With Presidents Obama and Medvedev meeting in Prague to sign an historic nuclear agreement today, one would hope they will find time to discuss these issues. Afterall, it is not in the interests of either the U.S. or Russia to see an unstable Kyrgyzstan that could spread instability to its neighbors. Furthermore, I think the experience of Kyrgyzstan over the last five years has also shown that a neo-Soviet model (“managed democracy” or “sustainable authoritarianism” – whichever you prefer to call it) does not serve the country well. With Medvedev and Obama meeting in Prague rather than Bush and Putin, it is realistic to expect agreement that a new Kyrgyz government must reform its governance and deserves assistance in doing so.

The other reason to see the glass as “half-full” when looking to the future is that the opposition that will likely take over in Kyrgyzstan now is not like the one that took over in 2005. My discussions with opposition members over the last few days suggest that they have taken stock in the lessons of the past five years. They have discussed radical reform measures that they feel must be undertaken immediately, and many of these measures are aimed at breaking with an authoritarian past. The fact that the opposition has appointed Roza Otunbayeva to lead an interim government already suggests that they want to avoid the dangerous patron-client system that Bakiyev’s rule enhanced. Her international experience and gender already set her a world apart from the patriarchal power structures that run through the country’s fabric.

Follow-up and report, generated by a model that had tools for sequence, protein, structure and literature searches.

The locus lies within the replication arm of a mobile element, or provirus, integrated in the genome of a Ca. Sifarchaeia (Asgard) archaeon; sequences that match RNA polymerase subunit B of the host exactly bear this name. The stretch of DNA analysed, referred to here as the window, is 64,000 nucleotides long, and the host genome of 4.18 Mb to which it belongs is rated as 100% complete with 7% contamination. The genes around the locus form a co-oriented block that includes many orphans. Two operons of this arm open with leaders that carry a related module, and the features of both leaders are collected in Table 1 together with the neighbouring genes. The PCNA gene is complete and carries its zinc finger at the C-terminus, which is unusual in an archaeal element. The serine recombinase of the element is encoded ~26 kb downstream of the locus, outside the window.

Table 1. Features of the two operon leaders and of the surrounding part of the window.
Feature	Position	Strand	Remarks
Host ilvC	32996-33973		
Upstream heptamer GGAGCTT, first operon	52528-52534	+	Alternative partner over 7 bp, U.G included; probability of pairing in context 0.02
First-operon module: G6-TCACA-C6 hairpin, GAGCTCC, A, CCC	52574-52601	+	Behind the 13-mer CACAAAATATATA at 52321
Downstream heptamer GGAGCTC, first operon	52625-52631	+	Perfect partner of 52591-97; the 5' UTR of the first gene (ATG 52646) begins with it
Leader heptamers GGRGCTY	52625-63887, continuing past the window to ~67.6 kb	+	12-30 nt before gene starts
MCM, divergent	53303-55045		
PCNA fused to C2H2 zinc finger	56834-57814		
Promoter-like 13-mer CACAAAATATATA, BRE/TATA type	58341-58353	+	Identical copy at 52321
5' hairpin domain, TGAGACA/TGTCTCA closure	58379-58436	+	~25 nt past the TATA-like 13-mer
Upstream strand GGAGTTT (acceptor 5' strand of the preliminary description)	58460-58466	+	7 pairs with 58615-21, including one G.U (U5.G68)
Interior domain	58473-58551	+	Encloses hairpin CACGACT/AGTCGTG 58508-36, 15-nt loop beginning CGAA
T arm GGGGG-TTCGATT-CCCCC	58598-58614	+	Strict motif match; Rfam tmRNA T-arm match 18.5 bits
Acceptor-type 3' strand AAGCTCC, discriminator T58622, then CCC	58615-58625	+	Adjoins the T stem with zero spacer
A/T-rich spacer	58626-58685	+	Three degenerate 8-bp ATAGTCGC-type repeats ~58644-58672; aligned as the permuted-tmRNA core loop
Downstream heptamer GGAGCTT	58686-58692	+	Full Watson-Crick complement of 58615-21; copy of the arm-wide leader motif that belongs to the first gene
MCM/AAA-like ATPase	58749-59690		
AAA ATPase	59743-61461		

The optimism I am presently espousing about the future, however, must be tempered with some realism. Even a new state led by people who are serious about reform will have to deal with an inherently corrupt system where patron-client relations trump a commitment to rule of law. There will undoubtedly be power struggles within the elite as has been the case for decades. Corruption will not disappear overnight. The economy will not immediately get better, leading to a lack of enthusiasm for change among the populous. And, the legacy of organized crime in the country will be difficult to reverse. It can only be hoped that the political elite of Kyrgyzstan fully understands that its fate will be similar to that of its predecessors if it does not produce lasting change, stability, and – at least gradually – improved livelihoods.